Let’s take it back to Sonic Adventure 2. In City Escape, there were grind rails on stairwells, for example. Those were optional and you did not have to use them, but you could to reach higher areas. It still felt like you were in a city, regardless of their use. Sonic Advance had a grinding in Neo Green Hill and those were, again, totally optional, and unique to that level to boot.
Finally, it seems like you can just grind on anything and just not have to run at all. From a rail, to a rope, and hell…why not, probably even Princess Elise’s vagina. It’s just simply overkill when coupled with the rails that are insanely long.
To sum up this side of the discussion: Sonic can run fast and jump high, so why should he have to grind?
COUNTERPOINT: “Grinding is still fun and has become a staple of the Sonic franchise.”
I am going to think like a pro-grinder for a second and think about what I can come up with here. Give me a second…mmmmm…aaaahhhh…ooooo…kay…
Like alcohol, grinding is enjoyable in moderation. When it is not over-used or filled with many obstacles in your path, it can be a roller-coaster thrill ride and made of win. The introduction of the trick/combo system in recent games has spiced up grinding to make it a bit more interesting and less monotonous, by offering up the challenge for Sonic fans to get as many tricks as possible in before the end of the rail.
Grinding has also been around so long that it has assimilated itself into the mind of Sonic fans and has definitely worthy of being a “universal gimmick.” Similarly to springs, grinding can be useful way to string various areas together if there is no other possible way to do so. Rather than having a bunch of springs lead to different routes, you can spice up level design with routes involving a spring, a grind rail, or both. It can also lead to secret paths and power-ups to either enhance re-playability or help you along in your run of a zone.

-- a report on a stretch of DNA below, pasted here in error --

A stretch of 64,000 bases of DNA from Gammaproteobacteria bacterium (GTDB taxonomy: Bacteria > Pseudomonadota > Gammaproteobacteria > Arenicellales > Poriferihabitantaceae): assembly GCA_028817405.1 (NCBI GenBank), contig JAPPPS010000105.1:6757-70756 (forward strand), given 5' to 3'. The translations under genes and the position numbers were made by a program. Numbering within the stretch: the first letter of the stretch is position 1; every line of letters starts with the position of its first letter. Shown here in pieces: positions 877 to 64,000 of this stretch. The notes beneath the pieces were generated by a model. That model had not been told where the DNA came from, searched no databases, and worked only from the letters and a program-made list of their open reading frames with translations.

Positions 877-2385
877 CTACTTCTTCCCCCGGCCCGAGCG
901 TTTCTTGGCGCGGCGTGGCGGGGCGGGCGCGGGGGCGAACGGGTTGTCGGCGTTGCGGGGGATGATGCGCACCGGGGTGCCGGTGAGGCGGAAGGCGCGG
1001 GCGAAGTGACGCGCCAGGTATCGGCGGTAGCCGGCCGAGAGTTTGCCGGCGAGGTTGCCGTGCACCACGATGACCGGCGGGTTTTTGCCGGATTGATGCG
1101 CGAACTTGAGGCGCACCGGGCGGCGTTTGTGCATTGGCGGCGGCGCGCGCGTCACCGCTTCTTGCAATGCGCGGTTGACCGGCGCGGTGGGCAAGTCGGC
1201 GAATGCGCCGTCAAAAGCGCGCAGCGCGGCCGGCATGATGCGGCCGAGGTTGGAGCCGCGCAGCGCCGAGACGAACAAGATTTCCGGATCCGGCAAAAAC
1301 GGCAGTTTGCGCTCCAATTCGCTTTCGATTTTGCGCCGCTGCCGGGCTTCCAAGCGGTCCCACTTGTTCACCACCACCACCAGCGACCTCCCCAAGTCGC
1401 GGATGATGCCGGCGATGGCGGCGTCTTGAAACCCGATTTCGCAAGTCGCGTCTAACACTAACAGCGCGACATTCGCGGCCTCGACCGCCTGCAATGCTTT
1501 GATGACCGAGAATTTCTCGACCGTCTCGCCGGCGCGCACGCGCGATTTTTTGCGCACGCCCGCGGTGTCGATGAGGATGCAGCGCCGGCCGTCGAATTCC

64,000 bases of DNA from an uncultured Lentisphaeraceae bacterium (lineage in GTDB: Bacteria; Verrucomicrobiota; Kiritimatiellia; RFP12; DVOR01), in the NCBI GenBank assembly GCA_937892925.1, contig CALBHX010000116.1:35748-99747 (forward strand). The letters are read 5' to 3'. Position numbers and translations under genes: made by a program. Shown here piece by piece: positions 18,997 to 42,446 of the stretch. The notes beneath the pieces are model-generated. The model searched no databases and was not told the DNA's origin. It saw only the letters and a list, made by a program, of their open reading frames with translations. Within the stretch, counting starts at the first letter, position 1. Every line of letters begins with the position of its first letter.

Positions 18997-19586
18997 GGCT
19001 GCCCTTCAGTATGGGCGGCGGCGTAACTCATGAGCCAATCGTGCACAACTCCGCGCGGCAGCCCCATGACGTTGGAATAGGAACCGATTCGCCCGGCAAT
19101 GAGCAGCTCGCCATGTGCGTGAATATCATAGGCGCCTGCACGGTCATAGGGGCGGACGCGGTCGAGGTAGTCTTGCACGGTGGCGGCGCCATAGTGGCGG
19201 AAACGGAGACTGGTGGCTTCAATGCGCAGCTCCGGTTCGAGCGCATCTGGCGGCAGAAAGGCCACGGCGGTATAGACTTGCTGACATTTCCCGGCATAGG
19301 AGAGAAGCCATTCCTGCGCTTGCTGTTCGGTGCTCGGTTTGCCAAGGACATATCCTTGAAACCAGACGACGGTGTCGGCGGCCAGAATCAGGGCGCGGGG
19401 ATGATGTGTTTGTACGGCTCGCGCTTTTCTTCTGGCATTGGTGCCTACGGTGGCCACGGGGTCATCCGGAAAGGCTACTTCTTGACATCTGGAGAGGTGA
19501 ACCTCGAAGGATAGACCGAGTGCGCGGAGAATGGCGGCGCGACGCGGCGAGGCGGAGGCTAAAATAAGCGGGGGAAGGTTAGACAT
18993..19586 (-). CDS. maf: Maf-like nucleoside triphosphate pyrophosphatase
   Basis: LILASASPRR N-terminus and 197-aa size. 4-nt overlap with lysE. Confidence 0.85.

A grind rail can be unique, too. Someone can even claim it to be incredibly diverse. By changing its appearance to suit a level, a grind rail can take the form of a vine in a jungle or the I-beam in the construction yard, for example. This diversity allows it to take many different shapes to make it unique to a level. To use the previous example, a jungle vine is all curvy and an I-beam is stiff and rigid. Grinding will not become stale due to this adaptability.
Or, if you could care less about what you just read, then you just like grinding for what it is and you still believe that it is simply an enjoyable experience. Nobody can argue with your right to simply think that grinding is flat out fun.
DECISION: Where do you stand?
Since a comments system is not in tact at the moment, I’ll be posting this article at the SSMB in the “Sonic the Hedgehog” forum, so that you can add your opinion to the mix.
Please remember to be respectful not only your fellow forum members, but to the author of this article as well: me. I will see you next Monday for another installment of “The Crossfire.”